For a number of years hence I would visit my sons once in a while, except when I would stay quite long in a distant countryside. But for more than a dozen years before my latest imprisonment, I was unable to see them. The most I could do was to send them letters, even if replies were few and far between.

It was because members of my family were under very close surveillance, with their telephone lines bugged. A younger brother, since departed, recalled that when he was going home to our family residence in Parang, Marikina, at 2 a.m., he saw a pair of intelligence agents posted at a jeepney stop nearby. My mother noticed that she was constantly trailed whenever she went out. An adopted nephew was even abducted, tortured for a couple of days, and just dropped on a street, with red, black and blue marks all over his body due to the severe beating he received.

The fascists wanted to know if I had at any time met with the family. They could not make him talk, not only because he is deaf-mute but also because I had in fact not met with the family for decades.

Someone told me in a letter that Dimpy’s reading of our message at the opening of our exhibit, “Painting Freedom,” at the Sining Kamalig art gallery on Dec. 8, 2011, was “a stupendous, oratorical delivery” that made a strong impact on those who were present. I was also told that at the celebration of my mother’s 91st birthday, it was Arthur who read my letter to his  lola, which touched her a lot.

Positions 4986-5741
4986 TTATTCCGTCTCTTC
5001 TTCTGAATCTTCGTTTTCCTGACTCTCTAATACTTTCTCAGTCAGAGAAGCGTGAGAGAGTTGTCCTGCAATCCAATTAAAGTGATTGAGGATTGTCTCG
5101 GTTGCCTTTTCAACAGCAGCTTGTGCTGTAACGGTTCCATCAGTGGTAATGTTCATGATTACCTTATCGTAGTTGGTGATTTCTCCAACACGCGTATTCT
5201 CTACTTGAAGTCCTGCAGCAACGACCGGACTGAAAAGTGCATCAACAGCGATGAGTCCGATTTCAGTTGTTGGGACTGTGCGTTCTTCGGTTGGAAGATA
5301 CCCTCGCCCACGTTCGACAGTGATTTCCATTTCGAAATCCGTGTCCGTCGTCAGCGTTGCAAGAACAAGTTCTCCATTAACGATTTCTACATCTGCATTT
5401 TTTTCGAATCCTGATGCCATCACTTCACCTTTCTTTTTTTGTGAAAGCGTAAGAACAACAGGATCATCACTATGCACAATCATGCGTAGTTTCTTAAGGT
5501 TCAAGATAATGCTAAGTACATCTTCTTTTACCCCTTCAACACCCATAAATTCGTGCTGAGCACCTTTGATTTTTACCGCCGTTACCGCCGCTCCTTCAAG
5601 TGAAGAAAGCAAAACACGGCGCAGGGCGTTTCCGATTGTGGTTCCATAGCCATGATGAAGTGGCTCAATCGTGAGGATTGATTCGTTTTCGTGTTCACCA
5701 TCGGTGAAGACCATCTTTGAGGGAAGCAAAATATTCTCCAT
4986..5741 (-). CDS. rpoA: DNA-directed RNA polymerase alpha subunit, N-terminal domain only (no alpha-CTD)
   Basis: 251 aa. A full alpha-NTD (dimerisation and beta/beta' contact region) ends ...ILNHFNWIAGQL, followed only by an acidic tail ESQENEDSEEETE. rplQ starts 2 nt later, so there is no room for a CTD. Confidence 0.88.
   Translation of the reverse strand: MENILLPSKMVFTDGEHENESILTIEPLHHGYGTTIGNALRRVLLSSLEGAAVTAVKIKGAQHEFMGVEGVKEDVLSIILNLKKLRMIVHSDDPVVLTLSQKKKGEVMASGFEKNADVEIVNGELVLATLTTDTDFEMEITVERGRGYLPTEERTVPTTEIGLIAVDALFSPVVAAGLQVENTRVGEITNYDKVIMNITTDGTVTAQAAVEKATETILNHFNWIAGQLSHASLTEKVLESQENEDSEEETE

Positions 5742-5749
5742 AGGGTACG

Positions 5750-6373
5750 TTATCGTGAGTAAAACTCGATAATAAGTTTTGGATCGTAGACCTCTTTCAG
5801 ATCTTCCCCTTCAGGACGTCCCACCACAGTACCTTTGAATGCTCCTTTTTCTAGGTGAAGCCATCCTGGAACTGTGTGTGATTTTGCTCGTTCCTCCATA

It is only now, in this current imprisonment, that I have been able to see my sons and other family members again.

But because of work and other circumstances (one is living abroad), my sons are not able to visit often. Still I am very grateful for the respect, love and support that they continue to give me even after decades of my being an absentee dad.

This feeling serves as an oasis in the midst of the repression and hardship that I and more than 350 other political prisoners continue to suffer under the prevailing unjust structure that needs to be radically changed into a liberated, democratic, modern, pro-people and progressive system.

We remain resolute in our struggle for radical social change for the sake of the fathers and mothers and their sons and daughters.

Alan Jazmines is a peace consultant of the National Democratic Front and is detained at the PNP Custodial Center in Camp Crame.